Sweet Treats

Published 2:45 pm Tuesday, May 15, 2018

A little more than a year ago, Keyona Vickers and Kyra Melton were trying to think of ways to earn some spending money for a trip to Orlando with Vickers’ mom, Debra Smart. When they put their heads together, Smart thought of baking, something she was already doing.                                                                    

None of them realized then how much the business would take off, but K&K’s Sweet Treats is on the rise.

“We wanted to go on a trip to Orlando, and we thought of a way to make some money. My mom came up with the idea to start making cupcakes,” Vickers said. “It just gives me a proud feeling just to think that I’m doing something good for somebody else and putting a smile on their face just makes me feel good inside.”

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The girls love baking and decorating, and they enjoy seeing the customers’ reaction even more.

“I’m glad when it makes people happy,” Melton said. “There’s just something about putting a smile on the customers’ face when they like it and enjoy it.”

Melton said they always have a good time together when they’re baking at Smart’s home.

“I get a lot of joy coming in here and baking,” Melton said. “We have a lot of fun baking. We listen to music, we just talk about things that are going on. We watch the news, so we talk about the news. We just do a lot while doing them. We make sure that we have fun.”

Smart’s family and friends passed their favorite recipes to the girls, and after some tweaking, they started their business. But over the past year, they have grown into making several different flavors of cakes and cupcakes, whoopee pies and more. They have strawberry, red velvet, Italian cream cheese, chocolate, German chocolate, carrot, coconut, vanilla and more. Their signature cupcake is probably the strawberry, made with fresh fruit. Many times, they make a new flavor based on what a customer wants, and sometimes just for fun. Either way, work goes into creating a new flavor and making it just right.

“We have had some trials and tribulations with some stuff,” Melton said laughing. “We make sure our parents test it before it goes out to actual customers.”

Vickers agreed, saying it’s all about trying new things and seeing what works.

“We go through a lot of trial and error, and when it works, it works,” Vickers said. “We think this and that may taste good together, so we try it. If it fits, then we’ll sell it.”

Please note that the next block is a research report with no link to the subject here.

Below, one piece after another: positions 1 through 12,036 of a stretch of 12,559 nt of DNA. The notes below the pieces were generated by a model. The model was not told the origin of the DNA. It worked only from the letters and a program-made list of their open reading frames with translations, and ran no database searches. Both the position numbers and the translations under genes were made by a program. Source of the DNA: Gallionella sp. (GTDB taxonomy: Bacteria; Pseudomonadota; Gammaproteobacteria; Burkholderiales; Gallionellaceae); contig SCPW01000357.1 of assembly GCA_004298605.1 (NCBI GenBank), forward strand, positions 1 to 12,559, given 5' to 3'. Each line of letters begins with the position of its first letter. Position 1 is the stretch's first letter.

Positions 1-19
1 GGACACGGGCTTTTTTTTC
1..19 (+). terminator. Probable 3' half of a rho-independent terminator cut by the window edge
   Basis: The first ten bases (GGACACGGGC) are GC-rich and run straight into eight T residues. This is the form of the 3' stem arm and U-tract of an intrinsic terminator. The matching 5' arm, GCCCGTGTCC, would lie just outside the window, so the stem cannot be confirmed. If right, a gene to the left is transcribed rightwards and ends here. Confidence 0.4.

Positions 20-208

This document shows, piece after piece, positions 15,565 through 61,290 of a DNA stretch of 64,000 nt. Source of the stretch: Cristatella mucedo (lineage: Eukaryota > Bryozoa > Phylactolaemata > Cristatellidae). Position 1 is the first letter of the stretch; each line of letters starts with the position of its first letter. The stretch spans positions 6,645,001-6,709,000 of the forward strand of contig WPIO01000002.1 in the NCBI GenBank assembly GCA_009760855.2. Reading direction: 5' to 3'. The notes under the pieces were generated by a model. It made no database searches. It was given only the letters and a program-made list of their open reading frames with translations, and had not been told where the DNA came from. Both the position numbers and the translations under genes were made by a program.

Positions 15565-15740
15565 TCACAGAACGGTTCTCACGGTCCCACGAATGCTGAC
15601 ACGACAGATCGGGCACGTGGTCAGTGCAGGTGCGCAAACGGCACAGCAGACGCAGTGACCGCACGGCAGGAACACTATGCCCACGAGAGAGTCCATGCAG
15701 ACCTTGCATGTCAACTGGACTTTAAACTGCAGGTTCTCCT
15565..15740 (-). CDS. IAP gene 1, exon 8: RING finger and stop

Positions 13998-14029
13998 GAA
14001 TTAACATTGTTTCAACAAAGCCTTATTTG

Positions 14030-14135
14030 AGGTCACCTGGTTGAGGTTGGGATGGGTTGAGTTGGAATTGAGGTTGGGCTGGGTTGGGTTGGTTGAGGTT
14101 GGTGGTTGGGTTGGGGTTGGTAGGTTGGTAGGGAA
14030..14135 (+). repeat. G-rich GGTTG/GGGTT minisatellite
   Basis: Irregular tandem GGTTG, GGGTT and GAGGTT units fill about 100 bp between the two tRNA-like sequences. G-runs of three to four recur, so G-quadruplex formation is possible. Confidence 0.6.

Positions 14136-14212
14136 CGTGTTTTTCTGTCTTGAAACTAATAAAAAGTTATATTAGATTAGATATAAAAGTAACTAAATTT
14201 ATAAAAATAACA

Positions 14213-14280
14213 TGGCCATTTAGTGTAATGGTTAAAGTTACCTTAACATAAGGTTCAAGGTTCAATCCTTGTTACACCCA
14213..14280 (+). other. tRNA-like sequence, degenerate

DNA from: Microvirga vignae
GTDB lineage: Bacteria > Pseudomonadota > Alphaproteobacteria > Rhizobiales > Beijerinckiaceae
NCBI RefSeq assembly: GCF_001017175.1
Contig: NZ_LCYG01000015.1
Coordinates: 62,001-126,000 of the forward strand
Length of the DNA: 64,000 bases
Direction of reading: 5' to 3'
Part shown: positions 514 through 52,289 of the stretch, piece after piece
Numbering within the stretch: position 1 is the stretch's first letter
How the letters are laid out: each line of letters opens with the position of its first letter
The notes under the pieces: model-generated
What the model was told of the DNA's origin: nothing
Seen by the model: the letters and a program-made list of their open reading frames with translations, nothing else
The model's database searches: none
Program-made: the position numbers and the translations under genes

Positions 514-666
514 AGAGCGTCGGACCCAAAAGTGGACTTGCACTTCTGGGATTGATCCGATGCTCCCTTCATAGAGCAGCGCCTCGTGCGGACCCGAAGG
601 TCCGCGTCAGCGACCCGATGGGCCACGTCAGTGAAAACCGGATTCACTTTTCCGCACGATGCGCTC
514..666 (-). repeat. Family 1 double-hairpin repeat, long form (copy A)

Constance Phillips, Melton’s mother, said she had no idea the business would grow like it has, but she enjoys watching the girls succeed and learn while they partake in the journey.

“I am very proud of them,” Phillips said. “I feel like it’s teaching them good work ethics for them to be as young as they are and still trying to balance school and extracurricular activities.”

The two girls met a few years ago, but became friends when they were in the same classroom in eighth grade. They’ve been inseparable since.

Now in the classroom at Selma High School, the girls say their classmates are always making requests for cupcakes, as well as supporting their business.

“Our classmates are very supportive of what we do,” Vickers said. “When folks see you doing good, there’s always somebody in the background that’s probably looking at you differently, but for the most part, we have very supportive classmates.”

Last summer, the two had the opportunity to make cupcakes for two prestigious women in Alabama.

“This past summer, we got a chance to do the ceremony for the first female acting general of the Alabama National Guard [Major General Sheryl Speed Gordon],” Vickers said. “We got to make cupcakes [for the ceremony] and Gov. Kay Ivey.”

Smart said she is proud of the girls and all of their accomplishments thus far.

“I am very proud of them,” Smart said. “Myself and Constance are both single parents and we’re proud of the fact that they’re taking initiative on their own and being productive citizens. I’m very proud of both of them.”

Smart said it’s nice to see other people enjoying her family’s recipes.

“We’re glad that everybody is enjoying them,” Smart said. “We love them, but we’re glad that other people love them too.”

Melton enjoys the process of baking and making the icing.

“My favorite part is the baking process,” Melton said. “I’ve always watched the people on TV and was like I want to do that one day. I like it.”

The girls are only 16, but they hope to stick together and continue with their business.

“I could see myself in the future with a bakery with different branches,” Vickers said.